Monday, July 24, 2006

Fivel stays put + near death by grooming.

There's a mouse in my roomate's bedroom. It's small and brown. I dislike things running lose in my place of dwelling. I brought home the class hampster over Christmas Break in third grade. It escaped from its cage. Horrors! Hampster in cage = cute and cuddly; hampster on the lose = menacing predator. I never really liked the idea of Santa creeping in during the night either.

On two occaisons my roommates have spotted Fivel before me. When one of two people freak out about an intrusive and potentially disgusting pest, the second person, by default, must assume the role of calm and confident crisis handler. After a brief spell with no signs of mouse activity, it was hoped and assummed that Fivel had moved along to new environs. Last night I noticed the tiniest movment near a pair of shoes. Sure enough, it was followed by the scampering of our little brown friend across my roommate's floor. Hooray - spotted it first and braveness avoided! It's still on the lose. No one wants to kill it. Catching it isn't the most pleasing prospect either, because then we'd have to see it up close.

My coping strategy for this problem is leaving town. As such, I scheduled some grooming services prior to a brief visit to Los Angeles. I'd read that having one's eyebrow's threaded allows for more precision and is 'healthier.' Someone also told me that it was less painful than waxing.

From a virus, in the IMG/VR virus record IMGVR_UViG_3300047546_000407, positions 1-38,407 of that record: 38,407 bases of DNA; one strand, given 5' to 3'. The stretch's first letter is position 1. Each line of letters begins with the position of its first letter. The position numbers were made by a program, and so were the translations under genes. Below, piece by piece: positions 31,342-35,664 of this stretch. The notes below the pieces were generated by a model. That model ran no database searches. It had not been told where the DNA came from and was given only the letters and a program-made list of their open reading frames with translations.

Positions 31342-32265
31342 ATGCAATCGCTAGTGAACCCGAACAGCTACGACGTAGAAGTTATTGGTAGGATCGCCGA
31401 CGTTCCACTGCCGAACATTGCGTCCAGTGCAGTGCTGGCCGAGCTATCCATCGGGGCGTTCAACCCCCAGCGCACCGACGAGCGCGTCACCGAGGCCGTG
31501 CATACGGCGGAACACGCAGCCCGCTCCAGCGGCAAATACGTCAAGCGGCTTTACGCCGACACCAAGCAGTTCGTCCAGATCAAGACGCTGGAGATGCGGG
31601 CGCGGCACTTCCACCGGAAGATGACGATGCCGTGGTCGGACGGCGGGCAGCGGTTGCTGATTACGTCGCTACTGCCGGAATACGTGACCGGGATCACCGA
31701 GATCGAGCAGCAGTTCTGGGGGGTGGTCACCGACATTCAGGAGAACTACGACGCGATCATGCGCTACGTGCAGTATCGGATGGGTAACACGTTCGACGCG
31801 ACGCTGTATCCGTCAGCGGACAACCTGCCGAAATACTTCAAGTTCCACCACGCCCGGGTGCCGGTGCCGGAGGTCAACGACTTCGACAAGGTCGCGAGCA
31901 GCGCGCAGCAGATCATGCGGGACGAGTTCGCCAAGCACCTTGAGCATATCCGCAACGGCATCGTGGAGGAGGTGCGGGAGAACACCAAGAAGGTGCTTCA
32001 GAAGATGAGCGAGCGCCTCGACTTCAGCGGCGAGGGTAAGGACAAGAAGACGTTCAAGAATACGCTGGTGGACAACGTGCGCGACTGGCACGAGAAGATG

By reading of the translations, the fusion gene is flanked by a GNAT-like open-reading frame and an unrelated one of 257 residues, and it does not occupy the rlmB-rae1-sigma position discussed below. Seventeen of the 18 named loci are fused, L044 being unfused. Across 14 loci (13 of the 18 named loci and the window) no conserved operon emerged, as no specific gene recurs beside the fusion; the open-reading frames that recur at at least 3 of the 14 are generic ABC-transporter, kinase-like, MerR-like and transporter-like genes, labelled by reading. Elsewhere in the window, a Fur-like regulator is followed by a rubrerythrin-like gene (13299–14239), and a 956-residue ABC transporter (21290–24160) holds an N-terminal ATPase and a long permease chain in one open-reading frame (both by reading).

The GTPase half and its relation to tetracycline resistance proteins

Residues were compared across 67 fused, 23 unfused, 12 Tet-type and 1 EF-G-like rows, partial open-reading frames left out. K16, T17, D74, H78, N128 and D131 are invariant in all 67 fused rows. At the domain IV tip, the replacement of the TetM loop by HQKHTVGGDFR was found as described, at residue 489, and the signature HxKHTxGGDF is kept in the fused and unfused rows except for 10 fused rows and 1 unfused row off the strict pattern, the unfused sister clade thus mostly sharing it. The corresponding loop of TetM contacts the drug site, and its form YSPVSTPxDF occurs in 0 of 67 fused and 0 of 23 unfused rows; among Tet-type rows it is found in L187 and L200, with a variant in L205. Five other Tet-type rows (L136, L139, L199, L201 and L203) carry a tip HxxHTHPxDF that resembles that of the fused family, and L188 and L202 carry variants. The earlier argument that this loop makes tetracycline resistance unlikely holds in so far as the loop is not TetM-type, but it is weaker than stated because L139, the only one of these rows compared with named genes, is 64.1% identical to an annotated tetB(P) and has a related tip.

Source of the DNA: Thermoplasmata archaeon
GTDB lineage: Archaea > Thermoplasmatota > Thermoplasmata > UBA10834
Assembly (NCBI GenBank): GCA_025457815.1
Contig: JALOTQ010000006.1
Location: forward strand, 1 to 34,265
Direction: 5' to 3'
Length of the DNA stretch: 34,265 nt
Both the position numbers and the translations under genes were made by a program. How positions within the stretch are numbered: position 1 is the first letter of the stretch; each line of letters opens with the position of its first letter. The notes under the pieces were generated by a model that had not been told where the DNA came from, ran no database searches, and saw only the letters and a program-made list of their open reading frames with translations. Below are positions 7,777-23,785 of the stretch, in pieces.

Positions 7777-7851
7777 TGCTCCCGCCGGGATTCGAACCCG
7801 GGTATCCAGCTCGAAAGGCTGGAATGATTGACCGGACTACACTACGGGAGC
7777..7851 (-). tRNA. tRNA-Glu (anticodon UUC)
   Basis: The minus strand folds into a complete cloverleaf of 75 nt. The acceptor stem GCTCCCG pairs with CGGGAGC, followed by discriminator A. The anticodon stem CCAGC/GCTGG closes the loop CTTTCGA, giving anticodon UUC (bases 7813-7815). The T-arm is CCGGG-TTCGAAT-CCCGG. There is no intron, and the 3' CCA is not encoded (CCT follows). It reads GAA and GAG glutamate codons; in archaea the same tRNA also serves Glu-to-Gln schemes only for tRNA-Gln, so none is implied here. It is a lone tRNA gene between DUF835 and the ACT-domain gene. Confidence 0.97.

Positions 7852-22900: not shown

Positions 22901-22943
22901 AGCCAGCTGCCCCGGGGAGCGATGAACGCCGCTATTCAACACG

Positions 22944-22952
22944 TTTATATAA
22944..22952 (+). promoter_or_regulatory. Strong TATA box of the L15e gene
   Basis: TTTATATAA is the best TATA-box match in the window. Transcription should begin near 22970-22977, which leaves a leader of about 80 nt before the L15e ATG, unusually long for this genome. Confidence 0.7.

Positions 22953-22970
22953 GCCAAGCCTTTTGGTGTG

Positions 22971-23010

Not true! Even though I'm happy that the threading person only cleaned up what my favorite L. A. brow lady does so well, I'm not happy about how I paid someone to torture me. It felt like a thousand very sharp fingernails pinching into my skin in rapid succession. Next time Sally Hansen and I will get by just fine on our own, thank you very much.

Thursday, July 20, 2006

I'm an idiot + the trifecta in shipping.

Yesterday I returned from visiting my family in D.C. for the weekend. I had already looked up directions to 'the park' where I had been invited to a birthday celebration for a recently bicoastal friend I know from LA. I stop on the way to pick up a bottle of wine. In the grocery store I begin to wonder if perhaps 'the park,' isn't "The Park" and maybe this isn't a nighttime barbeque afterall. I play it safe by purchasing a four pack of easily tote-bag stashable Mike's Hard Lemonade brand "Mike-a-ritas." Park, it turns out, is a cute indoor/outdoor bar/cafe/restaurant in Chelsea. I'm glad I didn't bring chicken.

This morning the FedEx woman buzzed up with a package for me. Because Claire so kindly fetched that package, I went down when the U.S. mail truck buzzed up. It was a package for our other roommate Kal. The third buzzer was UPS, with a package for Claire. If only every day could be so symmetrical.

Tuesday, July 11, 2006

Parents' Week

Someone more insighful than me recently suggested that the reason people like my parents are overwhelmed by places like New York City is because they assume that they have to interact with everyone they encounter.